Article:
T. Gondii Parasite May Protect Against Developing MS
Toxoplasmosis, an infection by the parasite Toxoplasma gondii, has a protective effect against the development of multiple sclerosis (MS), according to a review study. Specifically, people who had been infected with the parasite were 32% less likely to develop MS than those who never had toxoplasmosis.
While these findings support T. gondii infection as a protective factor against MS, appropriately-designed studies are needed to confirm its protective effect, to assess whether it also lessens disease progression, and to better understand the mechanisms behind these associations.
Such information may help develop new therapeutic approaches for people living with MS, the researchers noted.
The review study, “Toxoplasma gondii and Multiple Sclerosis: a systematic review and meta-analysis,” was published in the European Journal of Neurology.
MS is considered a multifactorial autoimmune disease due to a complex interaction between genetic and environmental factors. Increasing evidence supports the viewpoint that infectious agents, such as viruses and parasites, can modulate activity of the immune system.
Notably, exposure to certain infectious agents early in life may have a protective effect against autoimmune diseases such as MS, according to a theory called hygiene hypothesis.
Previous clinical trial data showed that infecting MS patients with a generally safe gut parasitic worm was associated with anti-inflammatory effects and fewer new or enlarging brain lesions, relative to those not infected with the worm.
Infection with T. gondii, a generally harmless parasite that can be transmitted to humans through ingestion of undercooked contaminated meat or exposure to infected cat feces, has been shown to promote anti-inflammatory, immunosuppressive responses in animal models.
However, research on its potential protective effect in human autoimmune diseases have provided contradictory results. While a prior study reported that the parasite was associated with an increased risk of rheumatoid arthritis, other studies suggested it may have a protective effect in MS.
Now, researchers in Italy and France evaluated the effects of T. gondii infection in MS development by systematically reviewing published studies (including those written in Portuguese, Spanish, and French) up to November 2020 reporting associations between toxoplasmosis and MS.
From the initial 562 hits, eight studies were accessed for eligibility, and seven — covering a total of 752 MS patients and 1,282 people without MS (controls) — were included in the meta-analysis. Three studies were conducted in Asia, two in Europe, one in North America, and one study used two different groups from Europe and South America.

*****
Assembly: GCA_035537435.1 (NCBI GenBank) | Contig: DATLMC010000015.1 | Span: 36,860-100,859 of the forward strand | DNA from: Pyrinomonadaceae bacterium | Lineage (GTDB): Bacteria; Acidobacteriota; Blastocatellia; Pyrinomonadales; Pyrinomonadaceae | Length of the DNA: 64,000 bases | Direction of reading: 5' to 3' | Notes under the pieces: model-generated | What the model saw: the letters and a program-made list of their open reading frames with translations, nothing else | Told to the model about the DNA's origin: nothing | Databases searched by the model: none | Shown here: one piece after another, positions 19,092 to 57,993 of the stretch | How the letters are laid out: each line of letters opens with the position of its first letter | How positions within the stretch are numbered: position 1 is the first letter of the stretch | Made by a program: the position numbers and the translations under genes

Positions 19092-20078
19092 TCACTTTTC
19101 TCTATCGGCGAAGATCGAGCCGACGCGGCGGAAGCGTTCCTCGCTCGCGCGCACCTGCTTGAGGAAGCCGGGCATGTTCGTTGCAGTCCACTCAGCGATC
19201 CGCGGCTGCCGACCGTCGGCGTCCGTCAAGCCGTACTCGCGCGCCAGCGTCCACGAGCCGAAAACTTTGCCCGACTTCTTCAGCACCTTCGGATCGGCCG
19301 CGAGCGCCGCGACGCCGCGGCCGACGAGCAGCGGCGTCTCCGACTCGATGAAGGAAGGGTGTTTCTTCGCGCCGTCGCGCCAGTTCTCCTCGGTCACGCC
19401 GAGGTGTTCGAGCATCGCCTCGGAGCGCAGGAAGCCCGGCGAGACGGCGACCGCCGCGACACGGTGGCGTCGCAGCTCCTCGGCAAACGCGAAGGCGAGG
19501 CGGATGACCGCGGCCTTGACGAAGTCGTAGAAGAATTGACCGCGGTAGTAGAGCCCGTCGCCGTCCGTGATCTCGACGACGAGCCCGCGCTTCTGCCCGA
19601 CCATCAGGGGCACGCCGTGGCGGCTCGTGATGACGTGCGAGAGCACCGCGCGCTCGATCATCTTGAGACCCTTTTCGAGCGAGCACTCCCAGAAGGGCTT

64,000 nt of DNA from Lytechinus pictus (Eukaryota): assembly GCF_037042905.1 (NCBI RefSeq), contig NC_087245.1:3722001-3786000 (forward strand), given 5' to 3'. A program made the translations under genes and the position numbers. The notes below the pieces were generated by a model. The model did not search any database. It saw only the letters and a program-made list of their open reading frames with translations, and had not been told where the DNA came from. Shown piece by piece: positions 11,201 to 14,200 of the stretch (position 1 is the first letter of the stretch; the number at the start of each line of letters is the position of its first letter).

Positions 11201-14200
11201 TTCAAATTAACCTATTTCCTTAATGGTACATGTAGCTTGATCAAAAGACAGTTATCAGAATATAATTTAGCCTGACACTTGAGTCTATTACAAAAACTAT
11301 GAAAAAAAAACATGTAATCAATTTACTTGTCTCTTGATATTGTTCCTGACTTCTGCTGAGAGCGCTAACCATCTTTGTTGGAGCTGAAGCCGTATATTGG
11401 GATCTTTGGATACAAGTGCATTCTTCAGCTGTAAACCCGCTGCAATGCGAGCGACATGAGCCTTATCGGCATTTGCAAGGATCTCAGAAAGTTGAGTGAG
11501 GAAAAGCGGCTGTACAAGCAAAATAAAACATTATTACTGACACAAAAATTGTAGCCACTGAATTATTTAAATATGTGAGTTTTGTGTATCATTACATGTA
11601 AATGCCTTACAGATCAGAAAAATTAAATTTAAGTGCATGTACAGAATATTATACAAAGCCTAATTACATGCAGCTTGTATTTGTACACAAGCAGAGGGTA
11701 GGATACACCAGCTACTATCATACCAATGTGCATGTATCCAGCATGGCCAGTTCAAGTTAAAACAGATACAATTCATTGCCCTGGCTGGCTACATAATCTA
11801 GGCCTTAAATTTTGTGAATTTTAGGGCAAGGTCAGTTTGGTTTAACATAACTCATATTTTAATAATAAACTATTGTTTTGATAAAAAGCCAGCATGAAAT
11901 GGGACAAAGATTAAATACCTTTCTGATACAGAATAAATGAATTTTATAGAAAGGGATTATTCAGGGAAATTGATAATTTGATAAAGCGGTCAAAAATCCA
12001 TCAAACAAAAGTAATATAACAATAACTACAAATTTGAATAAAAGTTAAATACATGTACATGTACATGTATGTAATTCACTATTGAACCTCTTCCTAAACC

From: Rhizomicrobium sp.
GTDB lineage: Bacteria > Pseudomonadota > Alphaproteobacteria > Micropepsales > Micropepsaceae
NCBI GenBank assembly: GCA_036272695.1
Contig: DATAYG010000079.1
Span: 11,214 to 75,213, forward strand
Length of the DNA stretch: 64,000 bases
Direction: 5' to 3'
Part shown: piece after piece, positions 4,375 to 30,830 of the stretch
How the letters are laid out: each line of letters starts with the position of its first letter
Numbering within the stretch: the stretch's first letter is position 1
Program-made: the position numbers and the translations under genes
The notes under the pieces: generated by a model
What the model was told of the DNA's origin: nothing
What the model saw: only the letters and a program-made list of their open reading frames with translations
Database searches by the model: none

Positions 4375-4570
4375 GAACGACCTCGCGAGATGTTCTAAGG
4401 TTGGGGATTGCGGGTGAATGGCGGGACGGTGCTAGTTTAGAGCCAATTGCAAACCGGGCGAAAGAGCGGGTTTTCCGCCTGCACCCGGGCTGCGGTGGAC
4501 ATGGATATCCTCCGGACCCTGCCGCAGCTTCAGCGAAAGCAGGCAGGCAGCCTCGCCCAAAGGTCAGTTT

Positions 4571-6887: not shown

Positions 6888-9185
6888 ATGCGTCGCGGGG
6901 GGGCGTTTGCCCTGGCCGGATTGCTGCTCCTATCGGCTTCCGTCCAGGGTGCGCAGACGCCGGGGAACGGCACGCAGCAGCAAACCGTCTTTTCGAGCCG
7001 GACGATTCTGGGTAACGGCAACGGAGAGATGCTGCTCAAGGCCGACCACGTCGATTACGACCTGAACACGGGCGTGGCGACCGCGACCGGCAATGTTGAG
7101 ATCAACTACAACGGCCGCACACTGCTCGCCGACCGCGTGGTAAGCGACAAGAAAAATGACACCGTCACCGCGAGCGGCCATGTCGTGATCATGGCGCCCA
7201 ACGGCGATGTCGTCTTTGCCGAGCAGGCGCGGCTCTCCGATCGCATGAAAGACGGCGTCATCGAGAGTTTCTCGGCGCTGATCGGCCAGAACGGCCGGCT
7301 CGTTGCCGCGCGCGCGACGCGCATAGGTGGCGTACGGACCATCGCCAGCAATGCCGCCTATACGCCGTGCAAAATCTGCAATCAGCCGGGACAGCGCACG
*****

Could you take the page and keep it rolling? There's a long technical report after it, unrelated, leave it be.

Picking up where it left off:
Studies comprised 45–163 MS patients and 45–297 controls who were recruited from either the general population, unaffected family members living in the same household, or from hospital patients without MS. History of toxoplasmosis was assessed through the presence of antibodies against the parasite.
One study included also people with clinically isolated syndrome (CIS), which may precede a diagnosis of MS.
When excluding CIS patients, pooled results showed that people who had been infected with T. gondii were 32% less likely to develop MS than those with no history of infection. A similar association was found when including CIS patients, with toxoplasmosis being associated with a 34% lower likelihood of developing MS.
Notably, three of the included studies found no link between T. gondii infection and MS, which may be explained by their small samples and very low statistical power. In turn, the two studies with sufficient statistical power found a protective effect of toxoplasmosis.
Still, a causal association between T. gondii infection and MS development “cannot be inferred due to the retrospective nature of the included studies,” and as such, “it is not possible to know whether T. gondii infection has been acquired before or after the development of MS,” the researchers wrote.
These findings support “the hypothesis that T. gondii infection represents a protective factor towards the development of MS,” the team wrote.
Future, well-designed, large studies following people infected with T. gondii over time are needed to confirm these findings and to describe the immune profiles of infected and non-infected MS patients.
“In the near future, combining these scientific evidences could contribute to the development of new therapeutic strategies for patients with MS,” the researchers concluded.